Heat maps, Ro-Ro transformation or the great disconnect ?

Screen shot 2013-05-17 at 10.58.08 AM.png

Screen shot 2013-05-17 at 10.50.18 AM.png

Heat maps and correlation trades, that was the main theme over the past 6 to 7 years. In the charts above, it marks the dominant presence of red and dark blue spots, indicating various pairs of assets are either heavily negative or positive correlated to each other when it comes to price movements. It became known as Ro-Ro or Risk-on-Risk-off mode of financial markets. It ususally referred to commodities, stock markets, commodity currencies and EUR moving higher against the USD in case of risk-on modus. Or, Bund and US Treasuries yielding higher (sold) while more risky bonds such as European peripheral bonds were bought. And vice versa. And they all moved simultaneously at the tune of regularity, as if some preprogrammed trade execution engine is orchestrating the event (no surprise with HFT computers these days). FT Alphaville took up a recent Deutsche Bank research paper which goes into the origin and consequences. We might have landed in no man’s land since a couple of months as far as ro-ro is concerned, a kind of potential transformation intermediate move. And we would like to take it from there with different angles.


When it comes to stock markets, currency pairs and commodities, we have indeed witnessed some disconnecting trends surfacing. And it seems that stock markets have more or less the biggest disconnection while commodities and EUR/USD are still somewhat matched. Just have a look at the S&P500 and the CRB commodity index evolving against EUR/USD since 2007

EUR/USD (orange) & CRB (white)


EUR/USD (orange) and S&P 500 (white)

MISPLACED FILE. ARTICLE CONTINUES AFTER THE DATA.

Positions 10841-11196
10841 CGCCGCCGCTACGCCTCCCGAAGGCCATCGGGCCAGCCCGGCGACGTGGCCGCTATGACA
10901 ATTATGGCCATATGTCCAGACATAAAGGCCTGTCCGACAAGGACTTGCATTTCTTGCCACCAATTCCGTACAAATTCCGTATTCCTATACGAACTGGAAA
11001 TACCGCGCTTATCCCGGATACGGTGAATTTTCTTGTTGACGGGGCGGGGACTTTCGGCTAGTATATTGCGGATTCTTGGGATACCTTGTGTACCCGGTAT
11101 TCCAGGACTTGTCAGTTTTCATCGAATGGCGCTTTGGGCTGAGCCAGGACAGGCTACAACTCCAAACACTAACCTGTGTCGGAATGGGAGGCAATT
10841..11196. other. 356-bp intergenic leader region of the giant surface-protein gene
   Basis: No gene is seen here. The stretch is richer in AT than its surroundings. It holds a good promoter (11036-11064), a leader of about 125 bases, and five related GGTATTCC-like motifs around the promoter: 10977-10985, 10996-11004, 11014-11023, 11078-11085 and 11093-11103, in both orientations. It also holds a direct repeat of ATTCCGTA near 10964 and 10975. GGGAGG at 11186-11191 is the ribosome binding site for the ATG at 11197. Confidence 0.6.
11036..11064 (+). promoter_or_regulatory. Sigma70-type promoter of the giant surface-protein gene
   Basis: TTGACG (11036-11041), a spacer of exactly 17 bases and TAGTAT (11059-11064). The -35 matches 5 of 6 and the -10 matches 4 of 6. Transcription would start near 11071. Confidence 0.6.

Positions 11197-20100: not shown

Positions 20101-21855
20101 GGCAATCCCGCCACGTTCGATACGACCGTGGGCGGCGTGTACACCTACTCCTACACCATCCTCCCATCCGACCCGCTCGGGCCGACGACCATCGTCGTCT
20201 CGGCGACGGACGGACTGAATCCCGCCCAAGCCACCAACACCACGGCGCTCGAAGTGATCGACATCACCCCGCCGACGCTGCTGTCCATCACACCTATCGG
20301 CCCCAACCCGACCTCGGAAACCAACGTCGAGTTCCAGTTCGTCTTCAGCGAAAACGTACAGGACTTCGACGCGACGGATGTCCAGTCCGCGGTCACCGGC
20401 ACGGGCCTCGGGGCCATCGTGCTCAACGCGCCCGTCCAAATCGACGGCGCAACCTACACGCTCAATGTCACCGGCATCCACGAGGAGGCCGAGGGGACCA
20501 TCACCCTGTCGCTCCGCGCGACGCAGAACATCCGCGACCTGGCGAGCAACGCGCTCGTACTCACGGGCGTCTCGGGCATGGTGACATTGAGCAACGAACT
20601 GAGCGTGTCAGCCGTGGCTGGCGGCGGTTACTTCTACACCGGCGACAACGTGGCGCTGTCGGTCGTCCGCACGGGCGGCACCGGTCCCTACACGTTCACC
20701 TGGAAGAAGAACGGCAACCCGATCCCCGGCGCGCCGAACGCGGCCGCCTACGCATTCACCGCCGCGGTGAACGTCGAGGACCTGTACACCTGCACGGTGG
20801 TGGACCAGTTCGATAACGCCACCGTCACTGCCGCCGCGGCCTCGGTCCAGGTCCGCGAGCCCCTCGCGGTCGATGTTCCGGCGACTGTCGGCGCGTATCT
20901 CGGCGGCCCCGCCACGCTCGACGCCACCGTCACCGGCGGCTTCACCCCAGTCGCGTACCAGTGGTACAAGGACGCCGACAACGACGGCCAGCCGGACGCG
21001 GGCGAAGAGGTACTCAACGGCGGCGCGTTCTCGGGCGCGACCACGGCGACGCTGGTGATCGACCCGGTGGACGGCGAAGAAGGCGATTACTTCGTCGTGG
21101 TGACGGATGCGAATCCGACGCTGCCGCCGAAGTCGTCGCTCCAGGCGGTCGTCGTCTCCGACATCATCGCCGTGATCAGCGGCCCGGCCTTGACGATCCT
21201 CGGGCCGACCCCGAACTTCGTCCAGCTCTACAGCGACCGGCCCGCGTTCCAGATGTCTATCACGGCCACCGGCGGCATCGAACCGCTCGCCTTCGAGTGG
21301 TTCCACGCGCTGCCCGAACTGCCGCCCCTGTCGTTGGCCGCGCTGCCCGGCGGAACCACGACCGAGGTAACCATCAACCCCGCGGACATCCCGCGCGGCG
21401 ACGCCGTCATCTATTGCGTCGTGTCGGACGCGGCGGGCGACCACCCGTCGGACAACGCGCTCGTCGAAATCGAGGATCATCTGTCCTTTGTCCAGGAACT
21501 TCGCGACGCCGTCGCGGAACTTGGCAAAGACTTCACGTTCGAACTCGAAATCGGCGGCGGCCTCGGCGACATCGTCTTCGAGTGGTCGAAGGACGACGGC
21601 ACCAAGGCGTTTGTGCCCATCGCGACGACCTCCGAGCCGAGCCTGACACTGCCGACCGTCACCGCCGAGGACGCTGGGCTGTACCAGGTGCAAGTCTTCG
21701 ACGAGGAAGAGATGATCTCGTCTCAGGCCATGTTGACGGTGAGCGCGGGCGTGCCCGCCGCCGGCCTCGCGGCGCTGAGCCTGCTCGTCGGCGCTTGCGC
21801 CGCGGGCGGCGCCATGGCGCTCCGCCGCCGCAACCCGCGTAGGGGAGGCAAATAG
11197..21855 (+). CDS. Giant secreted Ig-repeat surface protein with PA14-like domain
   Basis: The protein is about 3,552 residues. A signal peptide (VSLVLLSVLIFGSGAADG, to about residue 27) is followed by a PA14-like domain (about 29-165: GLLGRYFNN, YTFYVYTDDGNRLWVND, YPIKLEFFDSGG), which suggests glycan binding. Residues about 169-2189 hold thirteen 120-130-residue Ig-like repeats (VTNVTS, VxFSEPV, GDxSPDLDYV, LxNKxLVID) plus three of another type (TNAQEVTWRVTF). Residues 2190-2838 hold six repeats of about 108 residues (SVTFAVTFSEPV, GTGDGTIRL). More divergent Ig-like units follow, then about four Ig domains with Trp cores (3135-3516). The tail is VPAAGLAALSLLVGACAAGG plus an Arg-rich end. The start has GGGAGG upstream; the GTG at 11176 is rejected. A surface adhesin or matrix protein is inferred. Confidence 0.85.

Let’s have a closer look on the peculiar EUR/USD disconnect and stock markets

1) Remember the USD and the FED being the first to aggressively cut rates to zero, revitalizing the carry risk-on trade (leveraged borrowing @ 0% to invest in risk assets). However, 2013 looks quite different than 2008. All main central banks have with some delay followed the FED in reducing rates (currency wars). And this of course reduced incentives as well to perform carry trades. And this is not only applicable on the EUR (0,5%) but on other important liquid currencies as well.

2) A second possibility might be the following. It used to be that bullish news (in combination with money printing) was good for stock and risky markets, igniting carry trades and sending the USD lower. Last couple of months however, we have seen that bullish news keeps the USD stable and sometimes sends the currency higher, simultaneously with global markets (also the case end of the nineties). Could it be that the focus on more positive economic news has changed the outlook for currency carry traders ?

Tertio, may be we have to take it from another angle or anot…


Cet article a été rédigé par Econopolis

le 17 mai, 2013